Thomas Jefferson Papers

To Thomas Jefferson from Steuben, 28 December 1780

From Steuben

Richmond Decr: 28th. 1780.


I am informed that the Bill which passed the House of Delegates for compleating their Regiments on the new Establishment has limitted the number to 3000—by far too small a number for the end proposed—but even supposing it sufficient to compleat their Regiments in the first instance, yet from the natural casualties attending every body of Men the numbers will be constantly diminishing from the first moment they enter the Field and at the end of the Campaign, without reckoning on any Loss by Action the Regiments will be reduced one third. This is the number generally allowed when the Mens Inlistments are permanent but the Dimunition will be much greater in your Line from the short periods for which many of the Men are and will be Engaged.

Experience has sufficiently convinced us of the difficulty of raising a large number of recruits at one time. Those Men who intend entering into the service Knowing that necessity will oblige the State to engage them at any rate withold themselves till they can obtain an Enormous Bounty.

This has induced the Commander in Chief to propose and Congress to adopt the wise measure of appointing a Field Officer and an Officer of each Regiment to reside constantly in the State for the purpose of recruiting.

But that this measure may have its proper Effect it will be necessary that the Legislature should determine the sum to be given to each Recruit so Inlisted for the War, and furnish the money necessary for the payment of the Bounties—this money to be furnished to the Field Officer who is to be accountable for its expenditure.

They should also provide Cloathing necessary to Equip the Recruits immediately on their Inlisting which alone will have a great Effect in inducing Men to Engage.

There are in this as in every other State a great number of young fellows strolling about the Country, out of all manner of Employ who with proper management might be Inlisted in this manner for very moderate Sums, but who if left to the time of a general Draft will as I before observed hold themselves back till the Bounties are raised to an Enormous height. For my part I am perswaded that if the Officers are properly distributed in the State and provided with the necessary Money and Cloathing a sufficient number of Recruits may be picked up in the Course of the Year to replace the defficiencies arising in each Regiment whereby an immense expense will be saved to the State and the Inhabitants in a great measure relieved from the great inconvience of frequent Drafts.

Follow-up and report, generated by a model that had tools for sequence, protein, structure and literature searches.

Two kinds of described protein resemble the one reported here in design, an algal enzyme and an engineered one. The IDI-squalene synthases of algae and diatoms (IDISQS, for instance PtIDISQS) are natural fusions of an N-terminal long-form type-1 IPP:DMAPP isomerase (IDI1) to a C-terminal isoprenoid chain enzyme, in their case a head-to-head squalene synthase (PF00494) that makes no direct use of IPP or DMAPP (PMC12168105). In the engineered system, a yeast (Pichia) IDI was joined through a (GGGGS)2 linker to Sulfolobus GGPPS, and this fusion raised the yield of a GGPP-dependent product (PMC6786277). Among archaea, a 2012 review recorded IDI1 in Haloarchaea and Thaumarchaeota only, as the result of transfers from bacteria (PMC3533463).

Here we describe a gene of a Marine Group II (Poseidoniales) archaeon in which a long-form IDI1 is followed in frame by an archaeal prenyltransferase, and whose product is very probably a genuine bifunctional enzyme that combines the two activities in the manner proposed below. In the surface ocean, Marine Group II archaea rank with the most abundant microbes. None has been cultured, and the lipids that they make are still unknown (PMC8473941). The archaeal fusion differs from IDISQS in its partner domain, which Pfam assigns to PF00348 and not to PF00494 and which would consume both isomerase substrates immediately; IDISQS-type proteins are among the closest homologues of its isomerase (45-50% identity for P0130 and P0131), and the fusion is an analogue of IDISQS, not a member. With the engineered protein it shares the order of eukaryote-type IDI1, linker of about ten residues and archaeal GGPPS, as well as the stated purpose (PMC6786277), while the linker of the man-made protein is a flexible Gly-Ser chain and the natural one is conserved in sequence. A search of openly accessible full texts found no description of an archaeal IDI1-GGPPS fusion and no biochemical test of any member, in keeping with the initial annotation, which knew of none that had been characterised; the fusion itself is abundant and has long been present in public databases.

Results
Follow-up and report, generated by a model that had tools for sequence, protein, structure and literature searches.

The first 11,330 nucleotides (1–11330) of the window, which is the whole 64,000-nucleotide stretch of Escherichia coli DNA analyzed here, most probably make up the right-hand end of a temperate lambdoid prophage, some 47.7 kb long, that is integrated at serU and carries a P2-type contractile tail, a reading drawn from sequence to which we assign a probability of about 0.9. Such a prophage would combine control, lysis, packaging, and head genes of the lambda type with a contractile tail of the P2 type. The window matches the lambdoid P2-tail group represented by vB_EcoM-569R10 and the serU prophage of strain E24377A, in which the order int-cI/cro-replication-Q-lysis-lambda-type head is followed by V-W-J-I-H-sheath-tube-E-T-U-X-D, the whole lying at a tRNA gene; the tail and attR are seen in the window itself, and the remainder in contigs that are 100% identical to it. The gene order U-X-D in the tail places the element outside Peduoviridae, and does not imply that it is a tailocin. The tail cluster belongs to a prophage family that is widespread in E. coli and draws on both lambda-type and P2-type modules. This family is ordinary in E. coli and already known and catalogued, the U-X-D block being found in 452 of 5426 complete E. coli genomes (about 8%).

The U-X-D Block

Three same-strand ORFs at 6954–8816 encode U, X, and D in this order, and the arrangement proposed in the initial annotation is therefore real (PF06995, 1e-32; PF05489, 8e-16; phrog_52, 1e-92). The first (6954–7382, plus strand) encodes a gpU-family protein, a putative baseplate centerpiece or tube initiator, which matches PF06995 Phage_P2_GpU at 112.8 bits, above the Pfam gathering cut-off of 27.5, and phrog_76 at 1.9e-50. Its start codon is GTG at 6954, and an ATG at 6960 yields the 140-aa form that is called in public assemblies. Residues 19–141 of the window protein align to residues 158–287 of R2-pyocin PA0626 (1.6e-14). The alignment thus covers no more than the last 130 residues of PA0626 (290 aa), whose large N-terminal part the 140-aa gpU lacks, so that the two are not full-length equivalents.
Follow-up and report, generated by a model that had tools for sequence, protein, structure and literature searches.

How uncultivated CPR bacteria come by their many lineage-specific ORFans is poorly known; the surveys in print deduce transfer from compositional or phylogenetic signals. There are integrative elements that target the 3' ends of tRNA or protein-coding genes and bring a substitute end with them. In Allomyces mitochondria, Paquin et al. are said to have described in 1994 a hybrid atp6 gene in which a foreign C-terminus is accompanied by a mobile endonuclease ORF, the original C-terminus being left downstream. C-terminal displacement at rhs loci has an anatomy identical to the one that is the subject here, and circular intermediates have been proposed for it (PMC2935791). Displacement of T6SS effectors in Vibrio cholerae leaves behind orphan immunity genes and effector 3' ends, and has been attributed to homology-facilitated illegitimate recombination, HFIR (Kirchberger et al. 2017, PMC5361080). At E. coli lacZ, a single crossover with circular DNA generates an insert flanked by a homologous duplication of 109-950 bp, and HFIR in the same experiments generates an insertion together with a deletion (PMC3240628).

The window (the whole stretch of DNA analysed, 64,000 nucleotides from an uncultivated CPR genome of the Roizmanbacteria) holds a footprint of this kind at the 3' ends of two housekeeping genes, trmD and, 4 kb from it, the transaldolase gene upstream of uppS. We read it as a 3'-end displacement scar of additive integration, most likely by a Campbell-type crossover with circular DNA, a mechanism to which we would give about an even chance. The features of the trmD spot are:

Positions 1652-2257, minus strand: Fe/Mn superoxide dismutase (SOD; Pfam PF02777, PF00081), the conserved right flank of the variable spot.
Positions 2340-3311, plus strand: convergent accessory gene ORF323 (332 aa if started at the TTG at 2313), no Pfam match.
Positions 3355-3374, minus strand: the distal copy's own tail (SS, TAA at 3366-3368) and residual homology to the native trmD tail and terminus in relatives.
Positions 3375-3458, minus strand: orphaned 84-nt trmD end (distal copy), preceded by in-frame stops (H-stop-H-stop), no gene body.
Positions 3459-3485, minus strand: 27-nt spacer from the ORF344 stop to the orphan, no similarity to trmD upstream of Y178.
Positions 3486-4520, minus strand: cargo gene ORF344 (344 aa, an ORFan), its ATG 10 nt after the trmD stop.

I submit the above to Your Excellencys consideration that such measures may be adopted as the Legislature may think necessary to answer the end proposed.

I am with great respect & esteem Your Excellencys most Obed & very humble Servant,

Steuben Maj: Genl.

RC (Vi); in a clerk’s hand, signed by Steuben; endorsed: “Letter from Baron Steuben recommending a larger Number than 3000. as necessary to complete the Regiments.” FC (NHi).

The bill … for compleating their regiments: An Act for recruiting this state’s quota of troops to serve in the Continental Army, passed by the House of Delegates on 21 Dec. (JHD description begins Journal of the House of Delegates of the Commonwealth of Virginia (cited by session and date of publication) description ends , Oct. 1780, 1827 edn., p. 63; printed in Hening, description begins William W. Hening, The Statutes at Large; Being a Collection of All the Laws of Virginia description ends x, 326–37).

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